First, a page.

In recent times, there have been disaffections with the idea of state creation in Nigeria. One of the major reasons for such disaffections with regards to state creation in Nigeria has to do with economic viability of the created states. According to Onimisi (2014), the economic viability of the existing states in Nigeria has always been questioned. These are further confirmed by the former Governor of the Central Bank of Nigeria, Mallam Sanusi Lamido Sanusi, when he stated that “most of the states and local governments in the country are not viable.” He questioned and reason behind creating more state, local government and ministries which are not economically viable (Okubenji, 2011). According to Odigwu (2012), only five states out of the 36 states in Nigeria are considered viable. He noted that the evaluation of the activities of the 36 states will be analyzed on the bases of Gross Domestic product (GPD), unemployment and poverty. According to Baffour (2015), the craving for creation of new states of various interest groups in the Nigerian polity through arguments of marginalization based on egotism, tribal sentiments and rivalry can no longer hold sway, as most of the existing 36 states had failed the litmus test of accountability and economic viability. Baffour (2015) further noted that on Tuesday 16th June, 2015, some state governors in Nigeria converged in Abuja to beg for federal bailout because they could not pay workers’ salaries and pension allowances for over six or seven months in arrears. According to him, these were the same states that met the criteria for creation either by the military fiat or the Nigerian 1999 constitution in which internally generated revenue from human capital development, natural and material resources were key prerequisites for successful take-off of new states. Supporting the view of Baffour, Ojo (2009) noted that looking at creation of states in Nigeria from the angle of economic viability, there appears to be no justification for the creation of more states in Nigeria in the foreseeable future as virtually all the existing 36 states in Nigeria are not economically viable. He noted that apart from Lagos State, which has tried to balance its budget since its creation, all other states have had to depend on the federal government for survival.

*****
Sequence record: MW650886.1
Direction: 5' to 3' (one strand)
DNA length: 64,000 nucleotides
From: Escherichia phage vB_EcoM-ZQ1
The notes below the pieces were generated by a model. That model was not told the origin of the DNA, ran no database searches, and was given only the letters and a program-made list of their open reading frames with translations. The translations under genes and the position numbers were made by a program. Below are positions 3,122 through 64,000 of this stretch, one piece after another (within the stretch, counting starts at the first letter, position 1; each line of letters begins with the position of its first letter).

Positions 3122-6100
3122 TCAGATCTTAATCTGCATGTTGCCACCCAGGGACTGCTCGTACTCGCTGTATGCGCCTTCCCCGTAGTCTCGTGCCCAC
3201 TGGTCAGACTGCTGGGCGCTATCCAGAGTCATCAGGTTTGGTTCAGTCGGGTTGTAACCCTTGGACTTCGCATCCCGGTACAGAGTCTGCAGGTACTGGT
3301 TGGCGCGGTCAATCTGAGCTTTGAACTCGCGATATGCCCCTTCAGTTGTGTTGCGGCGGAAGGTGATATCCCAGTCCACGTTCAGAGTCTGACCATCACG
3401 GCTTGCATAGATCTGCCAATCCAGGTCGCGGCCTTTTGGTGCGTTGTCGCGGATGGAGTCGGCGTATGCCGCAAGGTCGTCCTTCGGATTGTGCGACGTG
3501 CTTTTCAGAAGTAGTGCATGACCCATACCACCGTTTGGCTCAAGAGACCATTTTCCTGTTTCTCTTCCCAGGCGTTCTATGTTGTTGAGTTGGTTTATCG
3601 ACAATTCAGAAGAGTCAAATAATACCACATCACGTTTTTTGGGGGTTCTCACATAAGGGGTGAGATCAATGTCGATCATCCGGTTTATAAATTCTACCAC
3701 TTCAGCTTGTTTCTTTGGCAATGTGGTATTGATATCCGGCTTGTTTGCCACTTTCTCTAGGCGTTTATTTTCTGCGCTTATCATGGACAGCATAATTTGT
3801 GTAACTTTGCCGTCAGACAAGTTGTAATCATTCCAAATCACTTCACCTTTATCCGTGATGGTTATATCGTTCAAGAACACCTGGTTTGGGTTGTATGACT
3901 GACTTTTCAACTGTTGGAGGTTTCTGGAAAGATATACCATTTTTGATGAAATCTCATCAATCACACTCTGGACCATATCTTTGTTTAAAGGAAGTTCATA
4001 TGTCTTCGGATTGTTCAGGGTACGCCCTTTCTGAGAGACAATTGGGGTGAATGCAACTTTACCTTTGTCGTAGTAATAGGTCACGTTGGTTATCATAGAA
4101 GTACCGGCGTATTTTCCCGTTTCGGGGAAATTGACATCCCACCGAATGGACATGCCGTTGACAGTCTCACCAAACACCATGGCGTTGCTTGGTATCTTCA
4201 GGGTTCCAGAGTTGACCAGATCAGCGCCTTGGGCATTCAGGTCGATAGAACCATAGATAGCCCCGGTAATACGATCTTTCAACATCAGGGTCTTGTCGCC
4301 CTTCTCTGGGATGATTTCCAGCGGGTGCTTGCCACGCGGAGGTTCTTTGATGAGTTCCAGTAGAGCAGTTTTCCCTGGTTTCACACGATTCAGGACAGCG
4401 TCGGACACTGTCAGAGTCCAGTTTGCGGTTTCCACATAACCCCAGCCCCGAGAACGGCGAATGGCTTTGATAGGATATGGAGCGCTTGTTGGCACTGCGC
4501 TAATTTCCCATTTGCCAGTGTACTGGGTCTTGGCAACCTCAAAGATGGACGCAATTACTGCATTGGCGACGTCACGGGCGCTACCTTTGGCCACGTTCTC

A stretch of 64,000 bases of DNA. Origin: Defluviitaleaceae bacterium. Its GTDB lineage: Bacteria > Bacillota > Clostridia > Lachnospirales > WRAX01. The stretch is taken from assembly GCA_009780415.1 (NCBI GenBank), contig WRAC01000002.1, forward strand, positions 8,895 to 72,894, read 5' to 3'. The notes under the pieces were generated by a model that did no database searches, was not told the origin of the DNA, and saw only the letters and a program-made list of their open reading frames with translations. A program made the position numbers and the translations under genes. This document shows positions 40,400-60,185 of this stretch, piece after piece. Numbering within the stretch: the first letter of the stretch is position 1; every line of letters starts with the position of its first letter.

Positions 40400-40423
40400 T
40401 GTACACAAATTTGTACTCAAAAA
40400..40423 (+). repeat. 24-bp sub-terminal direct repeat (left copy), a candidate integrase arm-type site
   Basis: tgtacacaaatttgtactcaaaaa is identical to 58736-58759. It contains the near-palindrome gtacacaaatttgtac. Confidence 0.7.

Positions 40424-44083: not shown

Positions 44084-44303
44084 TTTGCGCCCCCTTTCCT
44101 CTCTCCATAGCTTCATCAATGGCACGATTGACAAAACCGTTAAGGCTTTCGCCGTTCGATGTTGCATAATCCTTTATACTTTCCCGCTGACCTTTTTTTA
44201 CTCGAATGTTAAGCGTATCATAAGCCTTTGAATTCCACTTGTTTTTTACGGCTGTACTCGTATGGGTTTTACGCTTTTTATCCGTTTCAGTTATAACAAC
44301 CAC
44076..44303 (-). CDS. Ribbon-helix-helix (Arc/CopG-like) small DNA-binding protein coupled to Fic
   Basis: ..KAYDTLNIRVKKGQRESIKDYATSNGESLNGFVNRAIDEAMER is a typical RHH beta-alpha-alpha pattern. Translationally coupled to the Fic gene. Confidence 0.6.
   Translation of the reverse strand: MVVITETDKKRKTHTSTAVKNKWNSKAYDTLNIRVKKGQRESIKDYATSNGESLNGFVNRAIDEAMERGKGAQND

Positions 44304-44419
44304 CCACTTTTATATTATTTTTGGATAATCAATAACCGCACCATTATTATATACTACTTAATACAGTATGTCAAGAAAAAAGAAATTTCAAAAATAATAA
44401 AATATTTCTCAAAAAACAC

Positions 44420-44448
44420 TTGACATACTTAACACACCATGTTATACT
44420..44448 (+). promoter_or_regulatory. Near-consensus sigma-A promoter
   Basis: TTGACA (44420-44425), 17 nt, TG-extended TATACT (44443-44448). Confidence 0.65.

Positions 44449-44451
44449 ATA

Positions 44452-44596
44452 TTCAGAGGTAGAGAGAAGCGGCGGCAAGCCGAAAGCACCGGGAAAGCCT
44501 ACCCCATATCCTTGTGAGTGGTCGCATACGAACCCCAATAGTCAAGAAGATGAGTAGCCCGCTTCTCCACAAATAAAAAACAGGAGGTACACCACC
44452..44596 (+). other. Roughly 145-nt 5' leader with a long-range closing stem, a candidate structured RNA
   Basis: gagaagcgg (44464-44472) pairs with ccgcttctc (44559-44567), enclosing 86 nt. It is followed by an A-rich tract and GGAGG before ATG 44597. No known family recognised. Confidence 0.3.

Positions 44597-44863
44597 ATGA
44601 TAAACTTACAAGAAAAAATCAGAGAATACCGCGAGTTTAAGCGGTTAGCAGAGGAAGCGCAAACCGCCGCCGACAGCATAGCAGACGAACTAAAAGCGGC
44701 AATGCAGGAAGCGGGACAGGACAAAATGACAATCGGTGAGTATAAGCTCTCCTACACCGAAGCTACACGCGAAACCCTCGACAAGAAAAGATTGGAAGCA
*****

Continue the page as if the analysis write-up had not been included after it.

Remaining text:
Concerns have also been raised with the spate of boundary disputes, which has riddled different states that were previously one. Since independence, the only jurisdictional partitioning that was done in accordance with the provisions of the statute book was the creation of the then Midwest region from the then western region in 1963 (Fatile, 2011). Second and by extension, it can be said that thirty-two out of the existing thirty-six states were created without due process under the military dictatorship. According to Fatile (2011), the numerous resultant artificial boundaries have precipitated several conflicts. These boundaries in several instances had ended up dividing people of the same cultural affinity; some were merged with traditional hostile neighbours in strange wedlocks. Further, others were spread thinly as minority in several states. for instance, the Ijaw of the Niger Delta are spread thinly among nine states. It is instructive to point out that whilst the 1967 state-creation exercise was largely designed to give satisfaction to ethnic minority aspirations for autonomy, subsequent reorganizations have served more to satisfy the distributive in interests of the three ethnic majority formations than to assuage the fears of politically vulnerable ethnic minority communities (Suberu, 2001). Specifically while six of the twelve-state structures were minority ethnic groups, the current thirty-six-state has only fourteen minority group States, against twenty-two for the major three ethnic groups (The Guardian, 13 March, 1994: A14).